This year in Brazil has been notable for medium-size model renewals. This started with an update for Nissan's Sentra, followed by the redesigned Chevrolet Cruze, and now comes the 10th-generation Honda Civic sedan.

Attention was focused, as ever, on the Honda's nemesis – Toyota's Corolla. The latest Civic is larger, better equipped, has plenty of rear seat legroom and an enlarged boot of 519 litres/18.3 cu ft.

A top line Touring version has been added together with a new 1.5-litre/91.5 cu in turbo I-4 (petrol only, flexible-fuel within a year when local manufacturing commences). Entry-level and intermediate versions keep the 153 bhp (on ethanol) naturally aspirated two-litre/122 cu in four.

The design is quite bold without exaggeration. Driving impresses thanks to the electric-assisted steering with variable ratio (just 2.2 turns lock to lock) and the new multi-link rear suspension. A very useful camera attached to the near side mirror is a Touring exclusive.

The CVT automatic gearbox performs nicely with the more powerful engine when the shift paddles are used and the seven virtual speeds give responses that provide some peppiness in 'S' mode. Less powerful versions are coupled to the same gearbox and don't perform quite as well.

The rear floor area is no longer flat for insurmountable aerodynamics. Height is 2cm/0.79 in down without hurting headroom.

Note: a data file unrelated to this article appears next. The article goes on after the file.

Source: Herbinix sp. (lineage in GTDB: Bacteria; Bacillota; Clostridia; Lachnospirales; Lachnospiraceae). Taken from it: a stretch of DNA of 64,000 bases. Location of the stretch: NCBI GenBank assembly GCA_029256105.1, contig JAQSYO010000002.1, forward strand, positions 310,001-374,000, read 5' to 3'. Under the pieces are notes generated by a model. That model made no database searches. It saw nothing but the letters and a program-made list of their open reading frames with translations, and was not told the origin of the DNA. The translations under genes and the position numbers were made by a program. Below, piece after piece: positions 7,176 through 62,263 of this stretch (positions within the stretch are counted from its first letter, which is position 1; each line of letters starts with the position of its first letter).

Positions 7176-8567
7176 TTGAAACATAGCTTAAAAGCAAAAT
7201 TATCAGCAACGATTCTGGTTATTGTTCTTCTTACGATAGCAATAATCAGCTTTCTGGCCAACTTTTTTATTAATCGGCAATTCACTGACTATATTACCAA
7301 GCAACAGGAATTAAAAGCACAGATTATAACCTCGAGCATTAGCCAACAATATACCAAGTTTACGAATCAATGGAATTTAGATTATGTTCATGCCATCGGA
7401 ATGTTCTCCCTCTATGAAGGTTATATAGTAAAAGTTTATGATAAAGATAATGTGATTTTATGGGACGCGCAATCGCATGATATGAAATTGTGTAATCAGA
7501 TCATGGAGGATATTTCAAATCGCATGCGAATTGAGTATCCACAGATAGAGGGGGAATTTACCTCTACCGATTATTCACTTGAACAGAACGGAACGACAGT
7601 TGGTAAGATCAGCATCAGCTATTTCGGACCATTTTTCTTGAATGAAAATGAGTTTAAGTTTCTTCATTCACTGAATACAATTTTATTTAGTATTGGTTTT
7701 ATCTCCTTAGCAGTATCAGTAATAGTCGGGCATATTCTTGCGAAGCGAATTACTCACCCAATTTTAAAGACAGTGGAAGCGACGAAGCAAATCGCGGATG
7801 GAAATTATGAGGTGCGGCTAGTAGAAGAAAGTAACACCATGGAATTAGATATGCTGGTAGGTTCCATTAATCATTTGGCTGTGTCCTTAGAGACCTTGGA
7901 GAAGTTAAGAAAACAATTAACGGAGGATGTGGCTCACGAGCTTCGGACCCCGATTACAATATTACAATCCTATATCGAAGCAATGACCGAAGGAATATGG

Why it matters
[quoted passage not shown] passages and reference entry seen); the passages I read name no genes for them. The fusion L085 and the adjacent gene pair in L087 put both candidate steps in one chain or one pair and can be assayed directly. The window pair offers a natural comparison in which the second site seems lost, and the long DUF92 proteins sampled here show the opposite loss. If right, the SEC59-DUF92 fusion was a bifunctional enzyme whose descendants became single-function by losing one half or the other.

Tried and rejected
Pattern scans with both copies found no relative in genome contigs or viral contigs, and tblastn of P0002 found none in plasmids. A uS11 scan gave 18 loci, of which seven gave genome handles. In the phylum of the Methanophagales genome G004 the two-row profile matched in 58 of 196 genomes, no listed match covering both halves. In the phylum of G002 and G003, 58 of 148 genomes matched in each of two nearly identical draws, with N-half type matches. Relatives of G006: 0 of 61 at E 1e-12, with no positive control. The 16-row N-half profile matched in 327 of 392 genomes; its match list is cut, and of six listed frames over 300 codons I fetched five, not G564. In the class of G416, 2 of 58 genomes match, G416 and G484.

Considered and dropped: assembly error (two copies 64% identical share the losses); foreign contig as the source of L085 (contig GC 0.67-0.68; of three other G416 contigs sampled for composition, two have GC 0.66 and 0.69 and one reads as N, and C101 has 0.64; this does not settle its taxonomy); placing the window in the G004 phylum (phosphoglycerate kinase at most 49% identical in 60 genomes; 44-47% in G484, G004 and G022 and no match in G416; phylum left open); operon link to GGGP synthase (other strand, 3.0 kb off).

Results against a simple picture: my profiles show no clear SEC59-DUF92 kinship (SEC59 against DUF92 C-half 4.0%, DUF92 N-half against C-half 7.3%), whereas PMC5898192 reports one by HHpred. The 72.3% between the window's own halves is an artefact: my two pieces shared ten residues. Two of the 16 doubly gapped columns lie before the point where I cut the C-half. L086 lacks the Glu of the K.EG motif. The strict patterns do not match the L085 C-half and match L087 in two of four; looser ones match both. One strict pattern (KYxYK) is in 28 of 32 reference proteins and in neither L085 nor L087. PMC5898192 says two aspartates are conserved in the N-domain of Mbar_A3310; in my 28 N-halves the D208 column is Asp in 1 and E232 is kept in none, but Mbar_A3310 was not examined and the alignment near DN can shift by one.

Honda faces a challenge here in Brazil. It must manage capacity of its sole manufacturing plant in Sumaré, northwest of São Paulo City, which is currently producing four models, so the Civic will be initially offered at a rate of 3,000 units a month, clearly below its sales potential.

Operations at a brand new factory in Itirapina, northwest of Sumaré, will not start until the two-shift Sumaré operation is at full capacity while 5,000 units per month is possible on a single shift in Itirapina. Honda is not keen on three shifts at Sumaré which would simplify matters.

Such a dilemma and the strategy of not producing more than it sells could explain the pricing strategy for the new version.

The Civic now starts at BRL87,900/US$27,000 and tops out at a stratospheric BRL124,900/$38,400. Initially, the entry leverl Sport version is expected to account for 24% of sales, the intermediates (EX and EXL) 48%, all with two-litre power, while the new 1.5 turbo Touring will account for 28%. 

This is not a normal or definitive mix but it reflects the local production situation for the foreseeable future.